The province’s recently released report on climate change “Weather, Climate and the Future: B.C.’s Plan” makes 40 recommendations including the need to “improve fire protection for communities in British Columbia”. The document also makes a strong statement on the ownership of forest carbon sinks on Crown land.


In the past decade, the issue of climate change and greenhouse gas emissions has become increasingly important to British Columbians. Over the last century, average temperatures have changed globally. Warmer temperatures in British Columbia have supported the rapid spread of the mountain pine beetle. British Columbians are also concerned about recent extreme weather events and effects, including forest fires, droughts and floods.

Climate change is a global challenge and although the nations of the world are front and centre in the effort to address climate change, all jurisdictions have a role to play, including British Columbia. British Columbia, like all provinces in Canada, is unique. And this unique position must guide the province’s contribution to the fight against climate change.

British Columbia has the third lowest greenhouse gas emissions per capita in Canada. Contributing to this leadership position are the significant investments the province has made in clean energy, transportation, communities and forest management.

At the same time, British Columbia is built upon the strength of its resource industries – forestry, mining, energy, and agriculture. It is these resource industries that will in large part decide the economic growth and success of British Columbia in the 21st century.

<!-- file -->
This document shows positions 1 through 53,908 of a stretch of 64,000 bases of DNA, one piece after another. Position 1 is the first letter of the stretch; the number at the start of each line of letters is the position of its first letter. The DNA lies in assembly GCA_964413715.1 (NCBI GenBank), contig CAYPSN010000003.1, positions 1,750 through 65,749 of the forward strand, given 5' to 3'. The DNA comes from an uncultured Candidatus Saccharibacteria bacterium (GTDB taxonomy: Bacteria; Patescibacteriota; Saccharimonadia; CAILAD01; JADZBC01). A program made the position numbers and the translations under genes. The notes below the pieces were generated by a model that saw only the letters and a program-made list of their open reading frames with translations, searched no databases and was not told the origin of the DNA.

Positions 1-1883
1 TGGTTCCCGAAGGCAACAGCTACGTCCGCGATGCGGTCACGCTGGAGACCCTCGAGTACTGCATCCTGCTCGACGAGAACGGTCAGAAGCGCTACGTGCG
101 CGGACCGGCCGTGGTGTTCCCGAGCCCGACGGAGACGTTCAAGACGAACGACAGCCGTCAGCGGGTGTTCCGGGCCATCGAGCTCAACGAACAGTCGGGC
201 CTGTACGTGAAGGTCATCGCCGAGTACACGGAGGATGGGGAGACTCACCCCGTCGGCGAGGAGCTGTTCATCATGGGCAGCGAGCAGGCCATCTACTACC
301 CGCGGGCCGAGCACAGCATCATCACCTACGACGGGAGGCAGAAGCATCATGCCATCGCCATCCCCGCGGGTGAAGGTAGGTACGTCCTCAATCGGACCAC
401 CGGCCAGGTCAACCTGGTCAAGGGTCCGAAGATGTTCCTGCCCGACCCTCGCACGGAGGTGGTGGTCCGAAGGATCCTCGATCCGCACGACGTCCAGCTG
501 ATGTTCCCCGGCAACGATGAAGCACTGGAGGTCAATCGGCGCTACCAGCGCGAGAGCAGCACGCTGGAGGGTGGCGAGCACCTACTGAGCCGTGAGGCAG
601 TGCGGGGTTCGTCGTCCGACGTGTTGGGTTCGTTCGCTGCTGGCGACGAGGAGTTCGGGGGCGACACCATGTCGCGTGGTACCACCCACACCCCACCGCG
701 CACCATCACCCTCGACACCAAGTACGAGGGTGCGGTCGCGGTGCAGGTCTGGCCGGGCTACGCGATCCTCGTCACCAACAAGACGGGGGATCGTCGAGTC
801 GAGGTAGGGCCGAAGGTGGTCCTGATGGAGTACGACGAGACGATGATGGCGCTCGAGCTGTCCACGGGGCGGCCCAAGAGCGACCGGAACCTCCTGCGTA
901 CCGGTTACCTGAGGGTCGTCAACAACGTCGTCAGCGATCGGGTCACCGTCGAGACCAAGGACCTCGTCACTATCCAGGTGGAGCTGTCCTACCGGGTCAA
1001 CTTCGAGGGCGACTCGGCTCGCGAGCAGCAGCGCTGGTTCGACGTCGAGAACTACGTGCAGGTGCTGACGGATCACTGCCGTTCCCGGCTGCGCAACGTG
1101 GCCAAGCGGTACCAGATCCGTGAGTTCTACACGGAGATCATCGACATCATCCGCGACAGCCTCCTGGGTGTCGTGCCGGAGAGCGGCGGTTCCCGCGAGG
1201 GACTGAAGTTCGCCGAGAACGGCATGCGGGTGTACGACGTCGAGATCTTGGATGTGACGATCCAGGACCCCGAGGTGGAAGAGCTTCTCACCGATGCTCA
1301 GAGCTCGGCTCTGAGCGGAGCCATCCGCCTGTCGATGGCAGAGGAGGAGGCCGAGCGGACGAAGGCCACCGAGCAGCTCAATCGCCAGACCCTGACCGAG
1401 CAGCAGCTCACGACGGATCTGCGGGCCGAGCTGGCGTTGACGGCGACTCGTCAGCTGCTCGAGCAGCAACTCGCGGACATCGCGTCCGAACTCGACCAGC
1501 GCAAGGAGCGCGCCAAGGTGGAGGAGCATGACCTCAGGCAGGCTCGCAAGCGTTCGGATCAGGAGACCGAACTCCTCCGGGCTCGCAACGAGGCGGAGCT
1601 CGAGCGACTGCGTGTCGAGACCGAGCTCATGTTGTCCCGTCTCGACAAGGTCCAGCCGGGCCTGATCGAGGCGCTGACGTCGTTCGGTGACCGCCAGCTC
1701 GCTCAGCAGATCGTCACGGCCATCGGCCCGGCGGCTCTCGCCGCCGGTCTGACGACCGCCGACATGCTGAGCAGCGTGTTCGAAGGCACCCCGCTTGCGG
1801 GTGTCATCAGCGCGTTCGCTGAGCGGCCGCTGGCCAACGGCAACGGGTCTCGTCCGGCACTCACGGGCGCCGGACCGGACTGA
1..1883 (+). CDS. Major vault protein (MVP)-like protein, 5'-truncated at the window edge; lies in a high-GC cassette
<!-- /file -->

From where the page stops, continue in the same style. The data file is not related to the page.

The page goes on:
British Columbia’s efforts to address climate change must respond to the province’s strengths as well as its inherent challenges. Action on climate change will involve the reduction of greenhouse gas emissions as well as preparation for future climate change and related extreme weather.

Since climate and other natural systems often respond with long lags to changes in emissions we must ensure that we are properly prepared. As British Columbians establish and implement plans at the provincial, local and household level to address climate change issues, those plans must recognize the need to protect and retain our competitive position in the North American market place, the primary market for our goods and natural resources.

British Columbia has developed a climate change action plan that incorporates these objectives. The plan responds to and protects the interests of British Columbia – it builds upon the significant investments already made in clean energy, infrastructure and forestry and is complemented by actions already underway to adapt to the challenges presented by the mountain pine beetle, forest fires and drought.

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